have been read with pleasure, and little doubt would have been entertained of the accuracy of their historians, to whom the same degree of credit would have been attached, as to the most accredited of Greece and Rome. It would not have been deemed an objection, that other nations had not related the Jewish history, since they had not preserved their own.

“Let any one consider what authority he has for believing the text of Cicero, of Aristotle, of Plato, or of any other ancient writer, and let him ask what security he has that their writings have not been altered ; and let him trace by what channels they have been transmitted ; how preserved, and how many there were in every age, who neither could, nor did take, any interest in them, or use any exertions to preserve the text uncorrupted. When he has collected all the information he can gain on these subjects, and after he has meditated on all the chances and probabilities of the corruption or preservation of the text,- let him compare it with the evidence that awaits his investigation, and let him acknowledge there is no such to be found in favour of any other book whatever. Be they a revelation from God, or a forgery, the evidence of the accurate transmission of these writings from the period of the Babylonish captivity,—from the time of the translation of the Septuagint; and, with respect to the books of the New Testament, from the moment they were written, is of such a nature, that human prudence, had it devised, or human power, had it exerted itself, could not have produced such a variety of

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channels, direct or indirect; nor could it have excited such multitudes in every age, whether favourable or hostile to them, to obtain the end proposed. No such evidence ever can be produced in favour of any other book ; nor is it possible that, were we to ask for a series of clear, direct, and unbroken evidence, we could hope to find it; but, to satisfy the most scrupulous mind, the series of proofs in favour of the Scriptures is unbroken, and this series commences at a very early period, before any one was interested to deny, or doubt, the genuineness of the Jewish records: two other series, also, commenced in the Samaritan and Septuagint translations: and, in the time of the preaching of the Apostles,—when opposition would be made, the new series, unbroken in tenor, was opened up, and transmitted to every nation, through every age; and the great depositaries of the whole, were the Jews—who reject Christianity: the Christians—who embrace their own and the Jewish records: and the Heathen-who reject both. These contending parties preserved that which was confided to them; and the writings of each, whether as quoting from the original books to express their belief, or to confute them by reasonings, were so many addi. tional sources of preservation and correction,—that, had the original books perished, they might have been recomposed from the writings of believers, and of unbelievers.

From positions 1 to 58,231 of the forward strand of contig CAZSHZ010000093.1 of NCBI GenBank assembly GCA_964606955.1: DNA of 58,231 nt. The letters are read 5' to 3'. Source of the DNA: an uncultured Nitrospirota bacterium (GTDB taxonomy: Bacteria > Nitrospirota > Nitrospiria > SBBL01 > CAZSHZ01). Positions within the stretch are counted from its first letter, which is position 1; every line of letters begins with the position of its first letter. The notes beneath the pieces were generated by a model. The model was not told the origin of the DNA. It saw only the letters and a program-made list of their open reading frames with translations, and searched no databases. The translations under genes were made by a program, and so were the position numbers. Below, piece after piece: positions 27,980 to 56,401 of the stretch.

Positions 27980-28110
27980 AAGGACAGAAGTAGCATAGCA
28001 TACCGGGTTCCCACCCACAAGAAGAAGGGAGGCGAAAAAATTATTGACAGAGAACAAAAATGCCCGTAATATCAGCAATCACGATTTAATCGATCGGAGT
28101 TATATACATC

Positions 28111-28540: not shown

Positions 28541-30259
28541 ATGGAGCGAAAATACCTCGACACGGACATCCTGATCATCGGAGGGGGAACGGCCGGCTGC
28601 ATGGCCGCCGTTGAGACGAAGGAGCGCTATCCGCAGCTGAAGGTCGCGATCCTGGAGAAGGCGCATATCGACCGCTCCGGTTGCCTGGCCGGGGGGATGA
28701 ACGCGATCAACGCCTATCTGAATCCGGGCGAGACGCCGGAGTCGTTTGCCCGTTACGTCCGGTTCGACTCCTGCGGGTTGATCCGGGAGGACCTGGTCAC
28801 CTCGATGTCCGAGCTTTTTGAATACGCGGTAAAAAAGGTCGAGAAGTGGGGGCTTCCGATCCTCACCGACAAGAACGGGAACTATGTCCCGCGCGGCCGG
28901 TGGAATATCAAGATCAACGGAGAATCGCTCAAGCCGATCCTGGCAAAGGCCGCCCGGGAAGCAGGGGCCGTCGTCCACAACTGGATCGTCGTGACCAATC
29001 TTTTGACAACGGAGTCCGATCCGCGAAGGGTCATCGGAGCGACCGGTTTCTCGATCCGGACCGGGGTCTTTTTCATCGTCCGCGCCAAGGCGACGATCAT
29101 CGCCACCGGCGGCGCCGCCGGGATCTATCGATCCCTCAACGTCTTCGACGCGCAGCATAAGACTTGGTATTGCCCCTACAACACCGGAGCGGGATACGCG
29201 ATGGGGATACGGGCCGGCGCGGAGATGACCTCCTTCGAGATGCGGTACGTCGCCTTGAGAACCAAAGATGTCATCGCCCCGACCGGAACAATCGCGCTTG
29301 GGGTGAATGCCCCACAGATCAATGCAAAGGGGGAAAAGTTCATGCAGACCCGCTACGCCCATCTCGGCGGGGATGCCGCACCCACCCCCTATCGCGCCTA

“ Notwithstanding, however, the mass of evidence derived directly and indirectly from the belief and disbelief

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of thousands in every age, modern unbelievers are not satisfied. They pretend to an astonishment, that a greater number of unbelieving authors did not refer to the Christian religion in the first period of Christianity. This astonishment, however, if real, is without foundation ; for most of the heathen authors of Greece and Rome have noticed it-ex. gr. Tacitus, Pliny, Martial, Persius, and Juvenal certainly considered it as the greatest wonder that ever occurred.